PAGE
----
28 Oct Young Adults Who Eat Lots Fruits & Vegetables Lower Risk Of Coronary Artery Calcium
MedicalResearch.com Interview with:
Michael D. Miedema, MD, MPH
Minneapolis Heart Institute Foundation
Abbott Northwestern Hospital
Medical Research: What is the background for this study?
Dr. Miedema: A healthy diet is an essential component in the prevention of cardiovascular disease. A dietary pattern high in fruits and vegetables has been associated with reduced rates of cardiovascular disease outcomes in multiple observation cohorts of middle-aged and older adults. However, the cardiovascular impact of fruit and vegetable intake in younger adults is less clear.
Medical Research: What are the main findings?
Dr. Miedema: To evaluate this relationship, we studied 2,506 young adults in the Coronary Artery Risk Development in Young Adults (CARDIA) study to determine the association between fruit and vegetable intake during young adulthood and subsequent development of coronary artery calcium 20 years later. After adjusting for age, gender, and lifestyle variables, including smoking and physical activity, we found an inverse relationship between fruit and vegetable and subsequent coronary artery calcium across tertiles of fruit and vegetable intake (p-value <0.001). Individuals in the top third of fruit and vegetable intake at baseline had 26% lower odds of developing calcified plaque 20 years later. This inverse linear relationship remained significant after adjusting for fruit and vegetable intake at year 20 as well as after adjustment for other dietary variables such as dairy, nuts, fish, salt, and refined grains.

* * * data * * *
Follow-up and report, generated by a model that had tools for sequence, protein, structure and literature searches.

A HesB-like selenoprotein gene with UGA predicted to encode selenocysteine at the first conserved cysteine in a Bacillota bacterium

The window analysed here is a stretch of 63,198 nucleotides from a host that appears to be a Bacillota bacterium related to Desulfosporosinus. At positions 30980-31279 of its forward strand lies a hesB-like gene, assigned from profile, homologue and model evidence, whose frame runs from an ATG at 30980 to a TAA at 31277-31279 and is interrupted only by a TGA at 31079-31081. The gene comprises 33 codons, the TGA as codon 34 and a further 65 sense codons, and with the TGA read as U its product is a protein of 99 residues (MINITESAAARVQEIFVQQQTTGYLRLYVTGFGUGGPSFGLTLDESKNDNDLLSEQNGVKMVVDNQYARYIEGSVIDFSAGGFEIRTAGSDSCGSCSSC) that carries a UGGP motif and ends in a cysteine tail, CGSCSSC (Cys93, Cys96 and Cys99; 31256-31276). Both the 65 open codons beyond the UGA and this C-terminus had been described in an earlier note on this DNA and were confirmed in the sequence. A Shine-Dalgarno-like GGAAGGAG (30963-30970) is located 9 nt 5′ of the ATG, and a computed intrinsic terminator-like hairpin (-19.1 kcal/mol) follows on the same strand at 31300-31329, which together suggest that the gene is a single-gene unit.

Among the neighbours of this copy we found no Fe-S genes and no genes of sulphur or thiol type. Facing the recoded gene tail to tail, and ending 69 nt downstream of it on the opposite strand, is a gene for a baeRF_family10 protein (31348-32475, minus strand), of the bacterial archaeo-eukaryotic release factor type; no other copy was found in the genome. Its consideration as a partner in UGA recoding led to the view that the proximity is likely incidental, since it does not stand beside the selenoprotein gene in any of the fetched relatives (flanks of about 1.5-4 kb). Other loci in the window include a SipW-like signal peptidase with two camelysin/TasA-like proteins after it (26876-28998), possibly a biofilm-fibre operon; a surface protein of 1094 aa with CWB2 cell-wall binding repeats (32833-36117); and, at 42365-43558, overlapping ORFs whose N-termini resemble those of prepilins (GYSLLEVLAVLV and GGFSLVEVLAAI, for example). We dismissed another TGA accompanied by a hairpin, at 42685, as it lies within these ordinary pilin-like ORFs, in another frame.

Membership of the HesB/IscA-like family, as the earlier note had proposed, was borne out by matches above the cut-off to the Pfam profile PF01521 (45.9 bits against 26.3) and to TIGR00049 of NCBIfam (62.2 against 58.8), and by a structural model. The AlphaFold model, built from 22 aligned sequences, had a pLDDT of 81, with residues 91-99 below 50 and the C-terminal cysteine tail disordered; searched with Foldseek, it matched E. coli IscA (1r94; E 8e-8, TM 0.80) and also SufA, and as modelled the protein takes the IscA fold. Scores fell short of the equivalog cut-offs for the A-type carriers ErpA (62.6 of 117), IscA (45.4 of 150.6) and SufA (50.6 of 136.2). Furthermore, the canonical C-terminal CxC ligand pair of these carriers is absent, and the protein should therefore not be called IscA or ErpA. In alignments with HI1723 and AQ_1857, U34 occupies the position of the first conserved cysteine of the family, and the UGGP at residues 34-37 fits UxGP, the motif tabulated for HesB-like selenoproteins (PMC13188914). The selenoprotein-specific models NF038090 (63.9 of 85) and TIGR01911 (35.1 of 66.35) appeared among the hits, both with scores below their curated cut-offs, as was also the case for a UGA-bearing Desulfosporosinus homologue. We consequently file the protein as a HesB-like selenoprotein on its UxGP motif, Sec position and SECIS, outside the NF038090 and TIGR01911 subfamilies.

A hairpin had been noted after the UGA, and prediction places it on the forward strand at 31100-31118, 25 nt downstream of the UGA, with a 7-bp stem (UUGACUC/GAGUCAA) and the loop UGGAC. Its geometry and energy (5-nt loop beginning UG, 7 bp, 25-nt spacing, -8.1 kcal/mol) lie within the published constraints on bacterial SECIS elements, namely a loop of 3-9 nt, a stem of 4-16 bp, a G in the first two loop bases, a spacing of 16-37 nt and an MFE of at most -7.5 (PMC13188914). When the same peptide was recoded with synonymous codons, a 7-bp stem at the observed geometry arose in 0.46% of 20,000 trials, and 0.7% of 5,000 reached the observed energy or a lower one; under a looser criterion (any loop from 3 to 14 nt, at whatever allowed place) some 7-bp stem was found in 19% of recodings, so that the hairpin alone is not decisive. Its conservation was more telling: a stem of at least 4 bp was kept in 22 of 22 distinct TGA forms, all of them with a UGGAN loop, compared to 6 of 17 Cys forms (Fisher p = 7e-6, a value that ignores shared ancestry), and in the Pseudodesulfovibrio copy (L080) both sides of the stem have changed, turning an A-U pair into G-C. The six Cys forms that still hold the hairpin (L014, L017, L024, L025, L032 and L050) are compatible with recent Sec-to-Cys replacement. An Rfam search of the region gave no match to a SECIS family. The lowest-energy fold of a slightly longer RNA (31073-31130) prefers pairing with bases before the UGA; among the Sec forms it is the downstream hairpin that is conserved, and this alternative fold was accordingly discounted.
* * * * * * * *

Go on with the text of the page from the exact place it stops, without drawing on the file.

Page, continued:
Dr. Miedema: Our results reinforce the importance of establishing a healthy dietary pattern early in adulthood, and provide further credence for public health initiatives aimed at increasing fruits and vegetables intake in adolescents and young adults.
Michael D. Miedema, MD, MPH (2015). Young Adults Who Eat Lots Fruits & Vegetables Lower Risk Of Coronary Artery Calcium